Audio Mixers: Chris Schlarb; Chris Murphy .
Recording information: Big Ego, Long Beach, CA; Fame Studios, Muscle Shoals, Alabama; Global Headquarters, Zwaag, Netherlands; Our Sweet alhambra Home, alhambra, California; Postal Recording, Indianapolis, Indiana.
Photographer: Olivia Hemaratanatorn.
Arranger: Chris Schlarb.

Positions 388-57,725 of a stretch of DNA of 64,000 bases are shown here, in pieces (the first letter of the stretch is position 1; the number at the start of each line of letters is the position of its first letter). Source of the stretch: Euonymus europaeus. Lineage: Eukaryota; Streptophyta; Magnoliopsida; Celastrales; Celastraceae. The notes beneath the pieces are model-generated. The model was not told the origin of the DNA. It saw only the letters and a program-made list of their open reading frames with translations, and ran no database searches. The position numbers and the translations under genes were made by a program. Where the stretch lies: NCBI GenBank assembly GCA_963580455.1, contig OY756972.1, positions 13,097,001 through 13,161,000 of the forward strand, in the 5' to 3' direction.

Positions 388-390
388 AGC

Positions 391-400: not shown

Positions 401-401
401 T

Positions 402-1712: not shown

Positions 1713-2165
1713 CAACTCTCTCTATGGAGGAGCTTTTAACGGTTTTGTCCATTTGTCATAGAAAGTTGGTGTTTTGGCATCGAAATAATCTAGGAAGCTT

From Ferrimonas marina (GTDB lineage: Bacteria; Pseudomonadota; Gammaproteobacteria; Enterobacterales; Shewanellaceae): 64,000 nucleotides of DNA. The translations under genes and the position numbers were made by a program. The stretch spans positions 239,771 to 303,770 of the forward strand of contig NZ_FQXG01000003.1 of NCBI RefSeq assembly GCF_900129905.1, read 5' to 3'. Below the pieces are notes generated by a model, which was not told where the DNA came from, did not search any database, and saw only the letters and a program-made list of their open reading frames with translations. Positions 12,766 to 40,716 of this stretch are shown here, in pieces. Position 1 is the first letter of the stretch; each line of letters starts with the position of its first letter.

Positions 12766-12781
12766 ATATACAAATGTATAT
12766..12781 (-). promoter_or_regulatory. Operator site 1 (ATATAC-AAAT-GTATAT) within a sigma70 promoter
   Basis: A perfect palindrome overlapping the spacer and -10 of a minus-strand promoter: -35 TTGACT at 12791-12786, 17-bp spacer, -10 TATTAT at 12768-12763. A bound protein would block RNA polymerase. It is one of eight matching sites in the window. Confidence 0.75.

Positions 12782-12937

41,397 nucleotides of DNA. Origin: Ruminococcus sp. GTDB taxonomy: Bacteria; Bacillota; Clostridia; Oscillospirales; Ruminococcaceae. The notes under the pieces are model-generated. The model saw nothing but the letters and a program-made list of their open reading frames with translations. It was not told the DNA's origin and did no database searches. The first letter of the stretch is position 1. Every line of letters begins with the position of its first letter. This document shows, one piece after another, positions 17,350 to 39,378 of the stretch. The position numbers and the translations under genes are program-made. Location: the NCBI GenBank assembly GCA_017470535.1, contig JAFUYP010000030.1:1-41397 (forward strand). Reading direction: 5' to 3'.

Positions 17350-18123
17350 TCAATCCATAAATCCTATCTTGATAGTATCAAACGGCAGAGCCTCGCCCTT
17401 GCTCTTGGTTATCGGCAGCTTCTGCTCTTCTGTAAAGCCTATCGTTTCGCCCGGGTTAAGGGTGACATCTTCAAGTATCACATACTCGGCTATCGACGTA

For his third album under the Psychic Temple banner, Chris Schlarb has delivered a set of music that manages to be ambitious, eclectic, and accessible at once. Schlarb's creative instincts leaned toward jazz and experimental music on Psychic Temple's earlier releases, but this time out, elements of folk, country, and soul come to the forefront. The result isn't a complete departure from Schlarb's previous releases, but Psychic Temple III is consistently approachable in a way his previous work was not. Schlarb hasn't dumbed down his music, and the crew of musicians he assembled for these sessions is as gifted and emphatic as any he's worked with. But in his exploration of the music of the American South, Schlarb has brought out the heart and soul in his compositions. The easy but passionate groove of "Road Song," the breezy Americana of "When I Know," and the give and take between the fiddle and the pedal steel on "Getting Home" are all sophisticated in a way that doesn't seem pretentious. And the sinister "Feral Children of the Canyon" and "I Don't Need Nothin'," which feels like a Laurel Canyon homage gone just a bit wrong, both confirm Schlarb isn't obsessed with making nice on this album. The list of players on this album includes some stellar names, including R&B studio legends Spooner Oldham and David Hood, Minutemen co-founder Mike Watt, and Sufjan Stevens collaborator Nedelle Torrisi. The level of skill on display here is impressive, but it's Schlarb's vision as a composer, producer, and arranger that makes this album shine, and Psychic Temple III is further confirmation that he's a major talent with clear vision and a remarkably broad stylistic range. ~ Mark Deming